The rise of Balaji and Yellow Diamond are in keeping with a global phenomenon, where local brands are increasingly taking over the market once owned by large diversified companies or multinationals. According to the Kantar IMRB Worldpanel Brand Footprint Report’s analysis of 9,000 local brands, nimble local players are proving better at exploiting growth opportunities than the 5,700 global brands across world markets. “Local brands are particularly strong in the food and beverage categories, catering to native tastes. In large emerging markets such as China, India and Indonesia, many consumers see local brands as not only familiar but also more affordable and widely available,” the report says.

However, local brands are a step behind when it comes to brand spends; they made up 46 per cent of sales compared to the 54 per cent from global brands. The report believes that this could be because the value of an average shopping decision tends be lower for local brands. At higher price points, consumers seem to prefer global brands. This, however, is changing and in Asian markets along with a few others, local brands saw spend increase by 6.2 per cent in 2015; nearly twice the rate of their global counterparts.

The modus operandi for brands such as Balaji Wafers is to convert their regional markets into an impregnable fortress. Balaji did that with Gujarat and then the rest of the West and Prataap Snacks is doing the same for central and northern regions. 

“Unlike some of the branded national players, these regional players are long established and consumers have gotten used to their taste,” says Prashant Agarwal, joint managing director of Wazir Advisors, a consumer products and retail consulting firm. Agarwal cites the example of Maggi to prove his point.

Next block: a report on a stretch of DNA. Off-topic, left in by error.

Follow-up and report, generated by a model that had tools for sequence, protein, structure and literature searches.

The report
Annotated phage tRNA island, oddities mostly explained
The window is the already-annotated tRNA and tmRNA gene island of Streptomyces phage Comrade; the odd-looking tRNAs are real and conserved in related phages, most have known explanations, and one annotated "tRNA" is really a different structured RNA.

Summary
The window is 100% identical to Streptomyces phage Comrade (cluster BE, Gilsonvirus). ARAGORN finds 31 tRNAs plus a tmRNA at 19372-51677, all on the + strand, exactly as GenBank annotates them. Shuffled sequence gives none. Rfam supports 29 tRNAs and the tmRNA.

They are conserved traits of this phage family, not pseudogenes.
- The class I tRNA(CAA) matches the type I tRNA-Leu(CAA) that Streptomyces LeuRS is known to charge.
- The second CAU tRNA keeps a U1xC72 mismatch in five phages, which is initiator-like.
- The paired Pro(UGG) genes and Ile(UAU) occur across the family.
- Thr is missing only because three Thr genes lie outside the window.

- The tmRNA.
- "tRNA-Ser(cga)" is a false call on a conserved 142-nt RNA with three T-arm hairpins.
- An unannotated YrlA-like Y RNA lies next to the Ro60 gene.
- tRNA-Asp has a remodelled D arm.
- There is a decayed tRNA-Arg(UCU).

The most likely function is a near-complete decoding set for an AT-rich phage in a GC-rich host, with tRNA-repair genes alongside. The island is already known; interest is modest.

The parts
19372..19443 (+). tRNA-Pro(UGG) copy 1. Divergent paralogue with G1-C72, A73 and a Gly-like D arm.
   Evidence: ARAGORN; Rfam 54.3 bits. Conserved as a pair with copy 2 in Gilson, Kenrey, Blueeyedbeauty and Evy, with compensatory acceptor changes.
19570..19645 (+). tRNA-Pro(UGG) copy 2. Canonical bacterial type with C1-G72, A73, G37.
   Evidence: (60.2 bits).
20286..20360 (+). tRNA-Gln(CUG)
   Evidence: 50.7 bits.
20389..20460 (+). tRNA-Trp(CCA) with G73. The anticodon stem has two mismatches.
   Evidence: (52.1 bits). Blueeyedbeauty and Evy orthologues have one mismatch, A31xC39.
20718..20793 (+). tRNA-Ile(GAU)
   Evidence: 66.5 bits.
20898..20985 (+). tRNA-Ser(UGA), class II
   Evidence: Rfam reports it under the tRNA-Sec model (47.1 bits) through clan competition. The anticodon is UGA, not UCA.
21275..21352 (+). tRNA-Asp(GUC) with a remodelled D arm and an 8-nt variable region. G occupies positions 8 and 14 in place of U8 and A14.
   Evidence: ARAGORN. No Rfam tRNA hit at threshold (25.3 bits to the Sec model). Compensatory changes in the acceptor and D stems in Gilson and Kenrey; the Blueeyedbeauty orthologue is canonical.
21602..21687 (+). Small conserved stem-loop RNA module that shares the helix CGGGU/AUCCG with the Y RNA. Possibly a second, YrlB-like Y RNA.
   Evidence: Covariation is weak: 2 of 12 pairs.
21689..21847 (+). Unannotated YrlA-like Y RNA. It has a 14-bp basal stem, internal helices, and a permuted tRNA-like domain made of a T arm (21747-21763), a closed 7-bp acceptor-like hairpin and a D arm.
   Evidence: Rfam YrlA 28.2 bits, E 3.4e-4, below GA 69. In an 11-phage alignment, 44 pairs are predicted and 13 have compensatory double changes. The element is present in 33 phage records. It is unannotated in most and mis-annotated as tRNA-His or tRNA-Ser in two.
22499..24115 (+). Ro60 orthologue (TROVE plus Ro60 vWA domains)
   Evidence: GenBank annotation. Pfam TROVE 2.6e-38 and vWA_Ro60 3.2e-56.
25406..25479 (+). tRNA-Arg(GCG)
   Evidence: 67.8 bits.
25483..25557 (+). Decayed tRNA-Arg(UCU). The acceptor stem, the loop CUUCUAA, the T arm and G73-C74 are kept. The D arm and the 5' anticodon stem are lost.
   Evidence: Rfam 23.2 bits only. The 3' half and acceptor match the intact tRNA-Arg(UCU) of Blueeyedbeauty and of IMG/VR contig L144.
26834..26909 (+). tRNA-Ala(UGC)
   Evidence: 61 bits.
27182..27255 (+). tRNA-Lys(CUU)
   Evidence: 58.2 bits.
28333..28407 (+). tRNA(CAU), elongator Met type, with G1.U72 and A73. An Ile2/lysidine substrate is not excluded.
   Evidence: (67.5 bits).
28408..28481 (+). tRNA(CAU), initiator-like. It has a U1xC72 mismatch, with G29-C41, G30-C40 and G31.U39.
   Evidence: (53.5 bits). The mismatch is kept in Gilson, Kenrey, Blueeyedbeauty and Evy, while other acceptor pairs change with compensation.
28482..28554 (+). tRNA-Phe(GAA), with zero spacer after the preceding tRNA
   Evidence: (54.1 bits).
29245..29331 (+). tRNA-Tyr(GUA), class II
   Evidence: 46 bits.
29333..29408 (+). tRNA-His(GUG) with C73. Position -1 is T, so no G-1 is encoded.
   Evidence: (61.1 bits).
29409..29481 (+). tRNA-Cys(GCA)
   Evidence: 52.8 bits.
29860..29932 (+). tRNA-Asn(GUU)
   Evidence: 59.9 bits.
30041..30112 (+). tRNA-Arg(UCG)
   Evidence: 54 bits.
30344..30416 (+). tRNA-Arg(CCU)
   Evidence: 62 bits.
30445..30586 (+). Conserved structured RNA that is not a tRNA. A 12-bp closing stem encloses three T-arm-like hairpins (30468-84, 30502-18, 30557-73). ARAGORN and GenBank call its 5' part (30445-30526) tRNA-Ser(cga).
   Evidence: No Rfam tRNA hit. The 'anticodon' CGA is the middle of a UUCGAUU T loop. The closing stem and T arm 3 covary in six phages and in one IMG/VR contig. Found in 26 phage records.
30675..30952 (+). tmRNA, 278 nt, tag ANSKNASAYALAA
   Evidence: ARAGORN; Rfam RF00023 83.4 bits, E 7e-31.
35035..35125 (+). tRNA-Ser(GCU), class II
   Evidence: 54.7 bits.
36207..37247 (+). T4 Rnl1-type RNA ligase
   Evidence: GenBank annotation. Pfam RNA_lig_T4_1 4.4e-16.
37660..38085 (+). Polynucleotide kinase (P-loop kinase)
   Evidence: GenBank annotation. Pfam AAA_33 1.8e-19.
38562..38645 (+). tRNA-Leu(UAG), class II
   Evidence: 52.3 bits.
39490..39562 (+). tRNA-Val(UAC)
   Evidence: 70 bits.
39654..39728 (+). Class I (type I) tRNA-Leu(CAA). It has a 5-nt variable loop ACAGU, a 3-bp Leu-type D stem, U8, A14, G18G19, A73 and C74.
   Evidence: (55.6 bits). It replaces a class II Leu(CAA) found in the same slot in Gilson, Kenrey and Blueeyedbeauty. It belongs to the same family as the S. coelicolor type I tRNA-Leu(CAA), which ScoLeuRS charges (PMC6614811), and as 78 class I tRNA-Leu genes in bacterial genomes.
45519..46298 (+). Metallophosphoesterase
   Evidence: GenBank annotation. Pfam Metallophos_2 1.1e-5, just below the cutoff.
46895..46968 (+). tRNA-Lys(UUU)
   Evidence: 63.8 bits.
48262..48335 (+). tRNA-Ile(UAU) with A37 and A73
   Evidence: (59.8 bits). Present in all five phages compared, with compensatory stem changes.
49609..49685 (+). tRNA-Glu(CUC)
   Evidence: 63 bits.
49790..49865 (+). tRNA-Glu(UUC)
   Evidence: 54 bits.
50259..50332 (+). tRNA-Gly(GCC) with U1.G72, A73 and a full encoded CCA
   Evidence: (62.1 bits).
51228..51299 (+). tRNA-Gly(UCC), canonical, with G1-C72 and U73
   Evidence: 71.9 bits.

“When Maggi was out of action for some time, no one could actually replace it for good. This is because consumers were used to its 
taste. Snacking is all about tapping the consumer cravings and taste,” Agarwal asserts. Needless to say, of the total Indian snacks market estimated at over Rs 50,000 crore, 60 per cent is formed by branded Indian salty snacks, while branded western salted snacks such as potato chips forms the rest 40 per cent. 

“When we went to Maharashtra or Madhya Pradesh where Haldiram, Bikaji or Lays were already present, we didn’t change our strategy. In the markets where we lead, we have been focusing on hitting the right taste, quality and price, along with ensuring steady last mile distribution. It is only now that we will think of investing in branding,” says Virani.

He is buoyed by the brand’s growing appeal outside his home market, especially in central India and has set up a manufacturing plant in Indore, the first one outside Gujarat. Commissioned recently, the Indore plant carries an initial production capacity of 24 tonnes per day for wafers and will start producing traditional salted snack products. The company has two manufacturing units in Gujarat at Rajkot and Valsad with 38.4 tonne per day and 24 tonne per day, respectively. Balaji is investing about Rs 400 crore on the Indore project, of which the company has already spent around Rs 200 crore.

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First Published: Dec 07 2016 | 11:40 AM IST